Procedural Generation

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Aug 19, 2011 at 2:52 PM
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WoodenRat said:
I'm glad that my post brought discussion. Though I'm offended that Matt thinks my opinion should be completely dismissed. He doesn't justify why.

We can go deeper and deeper, thinking that minecraft is something big. But when we simplify it, then really it's just a virtual version of lego. Then again a house is just a pile of bricks, but if you inject imagination in your perspective then it becomes a house. That's the magical thing about the human mind. Imagination.
Because you didn't give an idea. You gave an opinion. There is nothing wrong with said opinion, but if a game programmer were looking for things to put in a procedural generation game, one's opnion over the genre wouldn't be all that helpful.

What I said was a joke anyways. Sorry if you took it the wrong way, but it was based around the fact that the thread asked for ideas and you gave an opinion, and not an opinion in favor of the genre either.

Let's put this all behind us. (holds out hand)
 
Aug 19, 2011 at 7:58 PM
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WoodenRat said:
We can go deeper and deeper, thinking that minecraft is something big. But when we simplify it, then really it's just a virtual version of lego. Then again a house is just a pile of bricks, but if you inject imagination in your perspective then it becomes a house. That's the magical thing about the human mind. Imagination.
Again, I disagree. Minecraft is much different than Legos, for many reasons.
To start, you don't have any control over many parts of the game (time, what mobs spawn, what minerals you'll find when you mine, etc.). This is what makes it a game instead of a toy. A house in Minecraft may be a pile of bricks, but so is a house in real life. If it has floors, walls, a roof, and some windows, we call it a house, because of a thing called heuristics, or artifacts. Think of a chair. How many legs does it have? 4. Think of a tool. What tool is it! Probably a hammer or a screwdriver. It is using our imagination, granted, but not any more than we use in real life o:
 
Aug 20, 2011 at 7:59 AM
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I meant if you break it all down to the mechanics of the game.
 
Aug 20, 2011 at 5:47 PM
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HyMyNameIsMatt said:
That means you get the same old towns. I mean EVERYTHING, "except for maybe rooms in towns, but they're randomly placed".
Well true, I never said Castle of the Winds was identical to what you described.

WoodenRat said:
Many people look for freedom in games, but what they fail to realise is that there is no freedom there. Randomness doesn't bring freedom either.
As someone else already said, there is freedom in (for example) Minecraft, but it's not because of the randomness. It's the lack of rules. There is less freedom in (for example) Rogue/Nethack, which despite being procedurally generated and fairly freeform still have the overarching goal of "get to the bottom of the dungeon".

HyMyNameIsMatt said:
I mentioned my adventure game type generation to a friend and now he's trying to make an engine for it. To add the artists touch I was thinking of premaking all the chuncks and assigning labels to each side which determin which pieces can go together. It would be work, but it would certainly be more original. It's more proof of concept than anything else so I'll let you guys know how it goes.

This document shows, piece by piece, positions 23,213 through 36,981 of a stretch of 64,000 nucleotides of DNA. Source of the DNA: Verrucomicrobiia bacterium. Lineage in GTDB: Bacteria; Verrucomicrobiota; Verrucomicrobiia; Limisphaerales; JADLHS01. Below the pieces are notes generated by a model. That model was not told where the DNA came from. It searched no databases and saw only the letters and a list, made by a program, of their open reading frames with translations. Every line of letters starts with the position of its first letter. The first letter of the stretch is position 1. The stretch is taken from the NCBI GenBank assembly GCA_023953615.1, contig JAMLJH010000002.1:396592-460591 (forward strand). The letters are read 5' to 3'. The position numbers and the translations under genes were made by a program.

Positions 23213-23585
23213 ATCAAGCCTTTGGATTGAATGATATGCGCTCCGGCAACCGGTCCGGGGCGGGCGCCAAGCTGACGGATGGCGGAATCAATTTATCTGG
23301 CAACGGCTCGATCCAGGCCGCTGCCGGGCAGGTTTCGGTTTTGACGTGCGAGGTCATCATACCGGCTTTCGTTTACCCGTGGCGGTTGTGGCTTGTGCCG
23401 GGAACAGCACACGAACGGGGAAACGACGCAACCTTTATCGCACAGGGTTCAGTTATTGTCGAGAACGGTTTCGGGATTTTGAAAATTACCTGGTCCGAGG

This sounds like the exact opposite of procedural generation; is that correct? It sounds almost like you mean each level/zone/area/whatever is like a painting, and they link together in a certain way. I don't know if that's truly original; it's likely it has been done before, though not on any major games since it would be very time-consuming.

On the other hand, perhaps I misinterpreted what you meant.

Madotsuki said:
EDIT: Oh yeah. The thing about randomly generating a society: When you have randomly generated characters to interact with, you can create a randomly generated plotline and a much more realistic focus for yourself. You'll be able to gain and lose power by interacting with the society.
I think most of the people who play things like Minecraft and Dwarf Fortress do so for the ability to do whatever they want, not for a potential plotline. That's not to say a plotline has no place in a procedurally generated game though (and in fact Castle of the Winds with its randomly generated dungeons does have a plotline).

WoodenRat said:
IBut when we simplify it, then really it's just a virtual version of lego.
Minecraft is a lot like virtual Lego, but that's only if you disable all aspects of survival mode. That is, if you use TooManyItems, an external inventory editor like InvEdit, or server commands to give yourself all the items you need and disable the spawning of creatures, then yes, it's a like virtual version of Lego.
 
Aug 20, 2011 at 8:23 PM
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Aug 22, 2011 at 2:34 AM
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I REALLY misspoke. Well, more like I've rethought what I meant.
I shouldn't have said plotline. Randomly generated plotlines DO indeed take all the point out of random generation. I mean more, "If you do something, the society reacts in a realistic way, allowing you to shape your destiny in an unpredictable and randomly generated manner."
I sort of can't explain it well, so hopefully you all understand.
 
Aug 22, 2011 at 8:45 AM
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So life is just one gigantic roguelike game. Except you can only play it once, and everything's permanent.
 
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